our prison system and law enforcement is big business these days, so I'm confident very few current politicians have the balls to propose anything like this, much less actually make anything happen. But in my opinion this one change would be the most effective step we could take to create positive overall changes and alleviate a bunch of problems we're looking at right now with our country in terms of law enforcement reforms, inner city violence, an overburdened judicial system and excessive incarceration rates.

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4 minutes ago, Possum said:

 

in my opinion this conversation has to start with the failure of the war on drugs - thousands and thousands of people locked up or killed, billions and billions of taxpayer dollars spent, and for what? Drugs are easier to get and used more widely these days than they ever have been. Meanwhile our continually escalating approach to policing and incarceration has created continually more ruthless and heavily armed and equipped criminal elements, turned inner cities into gang warzones, and forged some of the most malevolent trafficking organizations in history (and for a bonus, the cartels have completely destabilized and broken the Mexican government and given us an incredibly volatile security threat on our southern border).

there needs to be a complete overhaul of our national drug policy to move towards a more pragmatic and less draconian/Puritan strategy on this stuff. Human beings enjoy using drugs and alcohol - that's just a fact of our history on this planet, and prohibition-based approaches aren't successful in addressing that fact. And the incredible amount of money to be made selling the stuff just leads to more and more desperate, vicious people willing to take the risk, regardless of how rough things get.

I'd be in favor of complete legalization of weed and limited legalization of everything else (basically decriminalization of possession of personal use amounts). Legalized, regulated and taxed marijuana would be a financial windfall for the country, and I don't think the risks (DUI, increased teen use) come anywhere close to outweighing the benefits. I don't think we want to fully legalize hard drugs, although I'm probably a lot more willing to accept arguments for why that might work than most everyone I know, but it's time to stop wasting police resources, locking citizens up, and/or making them pay thousands of dollars in legal fees and live with a permanent criminal record for minor stuff like having a couple of pills or a baggie of cocaine on them. Just take their stuff and flush it down a toilet, give them a misdemeanor citation, and make them attend rehab or counseling. I'd also like to see drastically reduced penalties for nonviolent dealers and suppliers (assuming they're not selling to kids) - save the big prison sentences for violent offenders and try to deincentivize turf wars and gangland killings by going after those guys much, much harder than the ones who are staying peaceful.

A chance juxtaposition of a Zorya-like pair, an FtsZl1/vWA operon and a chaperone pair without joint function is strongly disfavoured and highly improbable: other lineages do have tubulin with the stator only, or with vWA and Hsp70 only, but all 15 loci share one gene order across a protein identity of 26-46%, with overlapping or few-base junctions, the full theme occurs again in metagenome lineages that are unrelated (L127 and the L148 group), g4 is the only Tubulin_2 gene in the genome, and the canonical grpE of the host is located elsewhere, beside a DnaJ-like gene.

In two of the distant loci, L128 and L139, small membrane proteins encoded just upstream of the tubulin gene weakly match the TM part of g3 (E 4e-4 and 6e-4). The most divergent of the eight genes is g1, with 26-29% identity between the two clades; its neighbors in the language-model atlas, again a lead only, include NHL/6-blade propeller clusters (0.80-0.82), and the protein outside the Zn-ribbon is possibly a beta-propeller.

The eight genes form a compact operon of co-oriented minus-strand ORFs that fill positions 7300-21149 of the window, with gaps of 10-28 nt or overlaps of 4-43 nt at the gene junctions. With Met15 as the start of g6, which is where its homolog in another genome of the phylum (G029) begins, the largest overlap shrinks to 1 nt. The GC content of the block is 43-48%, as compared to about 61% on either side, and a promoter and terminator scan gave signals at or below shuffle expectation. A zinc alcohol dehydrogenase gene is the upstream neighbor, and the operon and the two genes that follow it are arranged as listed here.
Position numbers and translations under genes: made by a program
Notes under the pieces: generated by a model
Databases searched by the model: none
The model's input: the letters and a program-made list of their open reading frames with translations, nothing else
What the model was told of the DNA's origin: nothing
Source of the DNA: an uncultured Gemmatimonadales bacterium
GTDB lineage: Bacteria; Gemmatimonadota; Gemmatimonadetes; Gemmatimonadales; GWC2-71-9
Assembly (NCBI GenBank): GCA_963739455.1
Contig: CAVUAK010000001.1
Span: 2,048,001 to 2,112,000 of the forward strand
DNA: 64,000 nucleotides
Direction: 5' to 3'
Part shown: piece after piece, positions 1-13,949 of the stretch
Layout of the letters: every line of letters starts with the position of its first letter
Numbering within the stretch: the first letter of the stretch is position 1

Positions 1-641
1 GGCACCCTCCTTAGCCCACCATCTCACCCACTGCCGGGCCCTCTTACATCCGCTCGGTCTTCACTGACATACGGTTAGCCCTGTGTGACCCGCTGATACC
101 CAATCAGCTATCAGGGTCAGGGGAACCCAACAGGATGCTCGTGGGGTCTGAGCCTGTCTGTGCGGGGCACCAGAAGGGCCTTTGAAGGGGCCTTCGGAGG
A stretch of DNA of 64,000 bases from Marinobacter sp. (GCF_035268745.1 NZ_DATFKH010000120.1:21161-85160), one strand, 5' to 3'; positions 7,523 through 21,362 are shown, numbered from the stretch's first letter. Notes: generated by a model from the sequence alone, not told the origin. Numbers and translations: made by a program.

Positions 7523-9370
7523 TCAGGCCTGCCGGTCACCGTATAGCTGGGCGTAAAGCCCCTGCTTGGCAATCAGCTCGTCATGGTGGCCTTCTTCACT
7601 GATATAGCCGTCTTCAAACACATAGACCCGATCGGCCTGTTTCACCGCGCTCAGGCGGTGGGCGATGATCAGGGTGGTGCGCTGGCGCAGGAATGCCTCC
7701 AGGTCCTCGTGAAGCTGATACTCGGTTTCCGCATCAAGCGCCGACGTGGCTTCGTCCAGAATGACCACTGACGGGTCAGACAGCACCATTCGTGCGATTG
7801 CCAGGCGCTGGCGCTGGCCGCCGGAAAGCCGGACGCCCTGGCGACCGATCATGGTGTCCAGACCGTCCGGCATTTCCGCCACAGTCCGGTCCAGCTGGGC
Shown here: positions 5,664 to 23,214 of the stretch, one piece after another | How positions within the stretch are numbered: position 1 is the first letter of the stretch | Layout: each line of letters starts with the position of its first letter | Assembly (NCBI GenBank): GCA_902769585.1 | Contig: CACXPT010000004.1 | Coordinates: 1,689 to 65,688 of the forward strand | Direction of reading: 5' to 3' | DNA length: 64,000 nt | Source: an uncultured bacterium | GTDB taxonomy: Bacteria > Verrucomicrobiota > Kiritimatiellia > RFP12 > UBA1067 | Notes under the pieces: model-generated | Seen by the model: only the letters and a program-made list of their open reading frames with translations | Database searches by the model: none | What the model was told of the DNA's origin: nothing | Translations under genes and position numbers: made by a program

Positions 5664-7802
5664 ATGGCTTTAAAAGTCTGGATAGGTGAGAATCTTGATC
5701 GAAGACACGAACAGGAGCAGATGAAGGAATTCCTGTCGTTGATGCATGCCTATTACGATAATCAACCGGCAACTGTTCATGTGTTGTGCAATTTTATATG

our prison system and law enforcement is big business these days, so I'm confident very few current politicians have the balls to propose anything like this, much less actually make anything happen. But in my opinion this one change would be the most effective step we could take to create positive overall changes and alleviate a bunch of problems we're looking at right now with our country in terms of law enforcement reforms, inner city violence, an overburdened judicial system and excessive incarceration rates.

Great post and I appreciate your response.

Just want to point out that earlier in the thread it was shown that drug crimes make up a relatively small percent of the prison population.  Does that change or alter your thoughts?

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On 8/6/2020 at 10:26 AM, John Blutarsky said:

Yep, they deserve whatever they get. Its common sense. Don't do this crap. Why do you justify it?

I 100% agree with you that these dudes are losers and need some type of punishment, but I think going to prison for a couple of years is plenty tough enough as both a penalty and a deterrent to further stupidity of this type. Putting a citizen away for 30-40+ years for property vandalism is unnecessarily excessive, to me. That's the kind of thing that shouldn't happen in a reasonably enlightened and humane nation, imo.

for instances where an actual human being got hurt because of a punk act like this, I'd support a lot tougher penalty. Just don't think that's the best course of action here though.